Growing up, David Stevenson saw Goulburn’s small business community from the perspective of his grandfather Albert, a traditional signwriter.
Albert’s gift for gold leaf lettering meant he was always in demand for reverse writing on shop front windows. He could illustrate horse-drawn carts and trucks with fine lines and would update private school honour boards. Even the bags swinging from bookmakers’ necks displayed his skilful work.
Albert and his wife Ethel had taken in David’s family, fearful for their safety in Ashfield, Sydney, after Japanese submarines sank a warship in the harbour in 1942. So David’s mother Edna, father Ronald and he and his older sister Beverley and brother Paul lived in the Stevensons’ large Sloane Street home in Goulburn, as did Ethel’s sister, Bertha Pursehouse.
A talented saxophonist and clarinetist, Ronald had served with the armed forces in New Guinea and returned in ill health. Meanwhile Edna worked at the Odeon Theatre’s lounge cafe for 30 years until it closed.
Albert was often at Farmers and Graziers painting their office windows each time the directors changed, and at real estate agents Fergus Isaac and Bill Thwaite. Tooth and Co enlisted him for their hotels and he painted a large sign showing Sheaf Stout on a warehouse between the then Goulburn Hotel and Hancock’s Wool Store.
David can still picture inside the Stevensons’ home at 284 Sloane Street (now Goulburn Square’s carpark), where at least a dozen crosses for graves stood along the wall of a large hallway, that also served as a workshop for his grandfather.
People who could not afford headstones for their next-of-kin bought the wooden crosses which were made by carpenter Percy Bissaker, which Albert sanded and painted. Each sign cost 12 shillings and sixpence.
“We (Australians) were still in a lot of strife after the war,” David said. “There wasn’t a lot of money in those days.”
At the end of each year, Goulburn couriers Pollards would deliver honour boards from St Pat’s College, the Presbyterian Ladies College and Our Lady of Mercy College. In the long hallway, Albert would write in gold leaf all the names of captains on the boards.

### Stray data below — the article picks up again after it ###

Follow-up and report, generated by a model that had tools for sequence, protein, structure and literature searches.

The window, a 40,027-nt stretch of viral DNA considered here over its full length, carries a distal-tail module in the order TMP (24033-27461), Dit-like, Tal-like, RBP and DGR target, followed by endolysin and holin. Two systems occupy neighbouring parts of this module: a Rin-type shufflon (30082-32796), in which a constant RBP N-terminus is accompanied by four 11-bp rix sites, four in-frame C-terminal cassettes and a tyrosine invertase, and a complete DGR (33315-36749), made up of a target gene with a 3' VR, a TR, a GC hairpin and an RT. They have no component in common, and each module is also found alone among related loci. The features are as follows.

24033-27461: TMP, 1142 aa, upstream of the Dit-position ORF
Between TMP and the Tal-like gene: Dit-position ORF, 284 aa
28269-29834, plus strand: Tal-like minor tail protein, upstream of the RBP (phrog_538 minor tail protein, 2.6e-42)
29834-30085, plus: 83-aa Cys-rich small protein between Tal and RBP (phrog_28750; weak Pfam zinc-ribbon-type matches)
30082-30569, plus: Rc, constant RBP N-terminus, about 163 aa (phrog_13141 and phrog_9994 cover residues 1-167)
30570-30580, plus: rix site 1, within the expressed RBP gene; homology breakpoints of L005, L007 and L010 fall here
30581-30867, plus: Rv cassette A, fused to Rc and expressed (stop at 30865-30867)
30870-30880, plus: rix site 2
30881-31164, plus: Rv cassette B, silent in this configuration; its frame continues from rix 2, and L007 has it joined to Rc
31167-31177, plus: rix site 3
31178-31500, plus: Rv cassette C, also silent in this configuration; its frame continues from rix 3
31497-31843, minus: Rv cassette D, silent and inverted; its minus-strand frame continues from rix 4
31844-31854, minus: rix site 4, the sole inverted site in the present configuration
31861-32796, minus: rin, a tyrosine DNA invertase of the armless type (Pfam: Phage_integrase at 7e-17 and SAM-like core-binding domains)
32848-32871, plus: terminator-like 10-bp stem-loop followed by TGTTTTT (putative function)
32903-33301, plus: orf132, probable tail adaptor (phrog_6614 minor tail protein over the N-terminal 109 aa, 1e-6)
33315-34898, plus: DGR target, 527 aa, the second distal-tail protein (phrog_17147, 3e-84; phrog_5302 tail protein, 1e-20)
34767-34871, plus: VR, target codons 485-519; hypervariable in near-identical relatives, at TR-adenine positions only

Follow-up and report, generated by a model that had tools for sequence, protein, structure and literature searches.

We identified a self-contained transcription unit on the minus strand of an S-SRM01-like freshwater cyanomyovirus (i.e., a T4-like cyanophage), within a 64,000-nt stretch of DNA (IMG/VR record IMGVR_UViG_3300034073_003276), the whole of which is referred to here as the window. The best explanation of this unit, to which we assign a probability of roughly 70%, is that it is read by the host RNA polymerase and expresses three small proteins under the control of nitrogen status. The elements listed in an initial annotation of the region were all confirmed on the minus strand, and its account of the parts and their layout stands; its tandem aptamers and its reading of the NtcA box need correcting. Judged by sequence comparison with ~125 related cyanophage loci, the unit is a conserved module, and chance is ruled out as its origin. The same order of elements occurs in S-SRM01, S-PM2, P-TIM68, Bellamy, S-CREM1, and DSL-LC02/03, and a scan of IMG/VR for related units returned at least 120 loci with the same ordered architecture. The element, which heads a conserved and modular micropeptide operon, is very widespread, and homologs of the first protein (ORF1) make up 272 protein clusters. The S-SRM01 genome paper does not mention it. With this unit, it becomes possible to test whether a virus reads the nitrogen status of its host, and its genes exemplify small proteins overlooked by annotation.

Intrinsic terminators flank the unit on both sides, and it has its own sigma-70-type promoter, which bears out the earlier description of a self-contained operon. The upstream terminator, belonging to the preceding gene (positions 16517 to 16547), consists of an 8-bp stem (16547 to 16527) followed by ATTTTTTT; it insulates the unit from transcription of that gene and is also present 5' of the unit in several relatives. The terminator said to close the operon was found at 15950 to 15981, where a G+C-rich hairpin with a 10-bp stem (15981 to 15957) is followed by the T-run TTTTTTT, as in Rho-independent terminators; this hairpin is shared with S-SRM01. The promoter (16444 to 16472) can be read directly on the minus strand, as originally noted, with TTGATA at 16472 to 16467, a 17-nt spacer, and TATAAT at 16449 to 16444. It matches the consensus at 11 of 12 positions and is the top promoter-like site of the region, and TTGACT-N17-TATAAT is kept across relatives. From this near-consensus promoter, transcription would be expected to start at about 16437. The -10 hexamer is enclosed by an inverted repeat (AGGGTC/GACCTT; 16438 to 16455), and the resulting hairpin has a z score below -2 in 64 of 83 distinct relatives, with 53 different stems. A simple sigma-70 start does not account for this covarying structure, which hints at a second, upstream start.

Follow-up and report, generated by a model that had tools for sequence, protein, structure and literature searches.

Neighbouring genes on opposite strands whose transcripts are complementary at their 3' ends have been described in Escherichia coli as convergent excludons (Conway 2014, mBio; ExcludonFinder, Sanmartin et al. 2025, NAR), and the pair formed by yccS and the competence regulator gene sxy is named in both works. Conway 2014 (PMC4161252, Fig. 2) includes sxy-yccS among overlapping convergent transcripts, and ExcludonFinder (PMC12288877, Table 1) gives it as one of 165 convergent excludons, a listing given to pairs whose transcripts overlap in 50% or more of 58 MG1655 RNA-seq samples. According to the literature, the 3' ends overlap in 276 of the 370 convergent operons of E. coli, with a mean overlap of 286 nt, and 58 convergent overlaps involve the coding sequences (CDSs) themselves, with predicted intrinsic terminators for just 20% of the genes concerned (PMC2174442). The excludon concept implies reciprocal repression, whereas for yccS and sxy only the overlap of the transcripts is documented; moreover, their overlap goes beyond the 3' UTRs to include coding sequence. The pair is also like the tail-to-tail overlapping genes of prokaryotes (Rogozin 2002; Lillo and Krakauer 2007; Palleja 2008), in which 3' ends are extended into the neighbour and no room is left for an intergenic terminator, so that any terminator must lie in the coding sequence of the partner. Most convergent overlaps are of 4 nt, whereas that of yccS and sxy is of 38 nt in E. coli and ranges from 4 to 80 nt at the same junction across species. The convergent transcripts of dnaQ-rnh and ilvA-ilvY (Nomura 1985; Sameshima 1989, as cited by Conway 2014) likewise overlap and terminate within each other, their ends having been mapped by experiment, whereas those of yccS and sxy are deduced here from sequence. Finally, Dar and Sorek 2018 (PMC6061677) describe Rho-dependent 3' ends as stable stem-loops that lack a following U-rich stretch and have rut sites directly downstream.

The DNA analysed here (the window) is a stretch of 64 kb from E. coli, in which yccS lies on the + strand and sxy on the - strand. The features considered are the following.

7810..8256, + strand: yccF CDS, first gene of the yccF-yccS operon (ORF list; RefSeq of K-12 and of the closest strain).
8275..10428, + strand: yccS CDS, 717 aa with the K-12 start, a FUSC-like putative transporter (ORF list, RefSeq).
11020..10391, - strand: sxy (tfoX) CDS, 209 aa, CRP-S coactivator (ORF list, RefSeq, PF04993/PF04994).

“When he was doing those, we were not allowed to walk down the hall. We were not allowed to run around the yard and make a noise while he was painting the gold leaf because it was so delicate and he could not afford to make a mistake on it,” David said.
All manner of vehicles awaiting new signage were parked in Albert’s large yard.
“He was always flat out,” David said. “People would have to wait for him. He used to paint a lot of trucks in the yard. Hancocks Wool Store had a couple of trucks done with shadow lettering which always took time.”
Col Ferguson’s Golden Crust Bread bought three new horse-drawn carts and Albert painted loaves of bread on either side of them. He painted fine lines and scrolls on carts and trotting gigs.
Other regular customers included Heats Motor Sales in Auburn Street, the local agents for Ferguson tractors and Rover and Morris cars.
“This was in the mid-50s and everyone was buying Ferguson tractors and getting rid of their horses,” David said. “Virtually every week they had tractors in, I suppose there was a waiting list.
“He (Albert) would go around the back and he would write there all day, apparently.
“Stan Geale and Keith Ranger would ride down to home on their push-bikes, come to the side door looking for my grandfather. They would have a note from Harold Heat saying, ‘Three tractors, one carry-all and one scarifier’. So Grandpa would go up and do the signwriting. He would write Heats Motor Sales on all that sort of stuff.”
Albert also painted scenery for lavish productions by the Liedertafel Theatre and Gilbert and Sullivan Society.
A train driver for 45 years, David lived in the large house which backed onto Godfrey’s Timber Yard and Saw Mill (a ready source of scrap timber for the copper, chip heater and fire) until his marriage when he turned 30, well after his grandparents died.
Albert left his grandson vivid memories of Goulburn’s small business landscape in the 1950s and the traditional craft of signwriting.